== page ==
Skip to main content
eScholarship
Open Access Publications from the University of California

Experimental investigation and validation of neutral beam current drive for ITER through ITPA Joint Experiments

  • Author(s): Suzuki, T
  • Akers, RJ
  • Gates, DA
  • Günter, S
  • Heidbrink, WW
  • Hobirk, J
  • Luce, TC
  • Murakami, M
  • Park, JM
  • Turnyanskiy, M
  • et al.
Abstract

Joint experiments investigating the off-axis neutral beam current drive (NBCD) capability to be utilized for advanced operation scenario development in ITER were conducted in four tokamaks (ASDEX Upgrade (AUG), DIII-D, JT-60U and MAST) through the international tokamak physics activity (ITPA). The following results were obtained in the joint experiments, where the toroidal field, B t, covered 0.4-3.7 T, the plasma current, Ip, 0.5-1.2 MA, and the beam energy, Eb, 65-350 keV. A current profile broadened by off-axis NBCD was observed in MAST. In DIII-D and JT-60U, the NB driven current profile has been evaluated using motional Stark effect diagnostics and good agreement between the measured and calculated NB driven current profile was observed. In AUG (at low δ ∼ 0.2) and DIII-D, introduction of a fast-ion diffusion coefficient of Db ∼ 0.3-0.5 m2 s-1 in the calculation gave better agreement at high heating power (5 MW and 7.2 MW, respectively), suggesting anomalous transport of fast ions by turbulence. It was found through these ITPA joint experiments that NBCD related physics quantities reasonably agree with calculations (with Db = 0-0.5 m2 s-1) in all devices when there is no magnetohydrodynamic (MHD) activity except ELMs. Proximity of measured off-axis beam driven current to the corresponding calculation with Db = 0 has been discussed for ITER in terms of a theoretically predicted scaling of fast-ion diffusion that depends on Eb/Te for electrostatic turbulence or βt for electromagnetic turbulence. © 2011 IAEA, Vienna.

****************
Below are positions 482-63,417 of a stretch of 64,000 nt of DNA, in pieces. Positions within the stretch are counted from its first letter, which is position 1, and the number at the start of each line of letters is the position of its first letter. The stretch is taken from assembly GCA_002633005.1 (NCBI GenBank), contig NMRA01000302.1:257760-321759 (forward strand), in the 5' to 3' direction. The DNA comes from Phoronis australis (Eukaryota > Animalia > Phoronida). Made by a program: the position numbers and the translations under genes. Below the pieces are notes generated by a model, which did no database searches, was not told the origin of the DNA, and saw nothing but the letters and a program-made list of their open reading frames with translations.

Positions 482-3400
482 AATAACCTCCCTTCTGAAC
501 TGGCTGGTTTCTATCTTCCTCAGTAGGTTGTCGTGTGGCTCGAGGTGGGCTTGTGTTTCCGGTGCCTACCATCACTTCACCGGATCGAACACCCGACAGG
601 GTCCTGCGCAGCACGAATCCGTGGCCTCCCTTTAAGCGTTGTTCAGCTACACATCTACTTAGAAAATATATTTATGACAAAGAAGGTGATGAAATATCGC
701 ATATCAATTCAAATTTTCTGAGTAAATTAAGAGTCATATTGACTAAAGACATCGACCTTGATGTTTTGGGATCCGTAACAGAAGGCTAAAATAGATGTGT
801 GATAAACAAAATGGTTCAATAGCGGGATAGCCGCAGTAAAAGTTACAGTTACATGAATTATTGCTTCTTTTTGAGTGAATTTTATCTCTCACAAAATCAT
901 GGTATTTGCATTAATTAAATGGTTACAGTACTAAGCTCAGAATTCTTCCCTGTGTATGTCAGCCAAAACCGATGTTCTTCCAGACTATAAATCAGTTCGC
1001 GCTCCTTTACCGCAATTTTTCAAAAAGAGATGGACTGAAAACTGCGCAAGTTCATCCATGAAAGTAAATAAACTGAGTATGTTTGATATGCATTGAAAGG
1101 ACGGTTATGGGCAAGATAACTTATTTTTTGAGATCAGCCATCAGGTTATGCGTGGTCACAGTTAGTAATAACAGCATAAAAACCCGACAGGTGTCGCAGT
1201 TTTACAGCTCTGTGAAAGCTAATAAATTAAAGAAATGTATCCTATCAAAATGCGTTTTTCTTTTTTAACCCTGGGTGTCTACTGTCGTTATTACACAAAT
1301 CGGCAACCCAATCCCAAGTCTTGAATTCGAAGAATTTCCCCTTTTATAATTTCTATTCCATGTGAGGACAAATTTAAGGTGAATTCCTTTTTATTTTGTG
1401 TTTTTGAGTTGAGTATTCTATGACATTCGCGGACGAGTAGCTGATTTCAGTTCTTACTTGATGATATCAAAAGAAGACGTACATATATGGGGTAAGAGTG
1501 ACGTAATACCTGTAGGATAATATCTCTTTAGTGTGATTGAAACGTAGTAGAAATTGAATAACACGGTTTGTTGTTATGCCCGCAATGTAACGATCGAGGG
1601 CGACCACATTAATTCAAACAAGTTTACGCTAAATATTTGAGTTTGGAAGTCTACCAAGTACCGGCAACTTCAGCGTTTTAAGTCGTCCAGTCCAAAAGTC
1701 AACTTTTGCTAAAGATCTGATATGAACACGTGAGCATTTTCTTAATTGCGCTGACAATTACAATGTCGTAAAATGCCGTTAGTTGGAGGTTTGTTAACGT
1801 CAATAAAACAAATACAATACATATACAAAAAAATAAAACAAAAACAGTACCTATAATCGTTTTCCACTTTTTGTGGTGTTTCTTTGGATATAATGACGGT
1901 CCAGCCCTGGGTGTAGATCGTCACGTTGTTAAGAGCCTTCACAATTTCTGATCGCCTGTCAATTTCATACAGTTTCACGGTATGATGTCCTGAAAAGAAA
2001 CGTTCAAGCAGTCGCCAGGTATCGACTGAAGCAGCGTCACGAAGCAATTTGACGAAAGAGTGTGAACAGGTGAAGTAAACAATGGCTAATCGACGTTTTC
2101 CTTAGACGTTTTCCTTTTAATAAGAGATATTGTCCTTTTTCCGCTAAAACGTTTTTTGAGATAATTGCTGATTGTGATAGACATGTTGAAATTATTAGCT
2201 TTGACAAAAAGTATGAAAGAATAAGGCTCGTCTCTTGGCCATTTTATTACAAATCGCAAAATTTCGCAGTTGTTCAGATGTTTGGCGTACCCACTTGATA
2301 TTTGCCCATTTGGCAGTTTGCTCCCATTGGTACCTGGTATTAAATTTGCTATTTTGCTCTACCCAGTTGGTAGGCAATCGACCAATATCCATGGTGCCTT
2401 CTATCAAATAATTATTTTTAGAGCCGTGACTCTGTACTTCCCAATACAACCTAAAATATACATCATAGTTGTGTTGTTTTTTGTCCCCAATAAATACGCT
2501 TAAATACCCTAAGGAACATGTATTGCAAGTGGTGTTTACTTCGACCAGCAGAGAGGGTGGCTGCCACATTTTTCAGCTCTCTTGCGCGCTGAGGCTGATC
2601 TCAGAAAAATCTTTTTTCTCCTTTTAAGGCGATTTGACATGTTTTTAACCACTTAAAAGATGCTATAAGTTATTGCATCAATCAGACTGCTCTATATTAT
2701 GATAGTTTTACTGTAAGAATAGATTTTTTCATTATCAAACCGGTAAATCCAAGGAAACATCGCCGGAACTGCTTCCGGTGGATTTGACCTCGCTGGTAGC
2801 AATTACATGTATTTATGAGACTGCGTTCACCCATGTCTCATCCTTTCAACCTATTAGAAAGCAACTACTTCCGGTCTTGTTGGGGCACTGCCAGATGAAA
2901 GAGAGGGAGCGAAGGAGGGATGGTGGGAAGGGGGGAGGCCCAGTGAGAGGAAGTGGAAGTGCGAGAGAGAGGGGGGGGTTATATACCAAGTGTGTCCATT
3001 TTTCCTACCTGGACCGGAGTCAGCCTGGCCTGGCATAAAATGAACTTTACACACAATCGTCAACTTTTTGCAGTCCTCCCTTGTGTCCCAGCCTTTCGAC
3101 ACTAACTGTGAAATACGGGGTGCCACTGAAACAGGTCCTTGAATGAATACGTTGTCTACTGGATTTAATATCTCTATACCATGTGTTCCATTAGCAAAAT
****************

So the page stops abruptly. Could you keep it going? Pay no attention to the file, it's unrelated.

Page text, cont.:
Many UC-authored scholarly publications are freely available on this site because of the UC's open access policies. Let us know how this access is important for you.

Main Content
Current View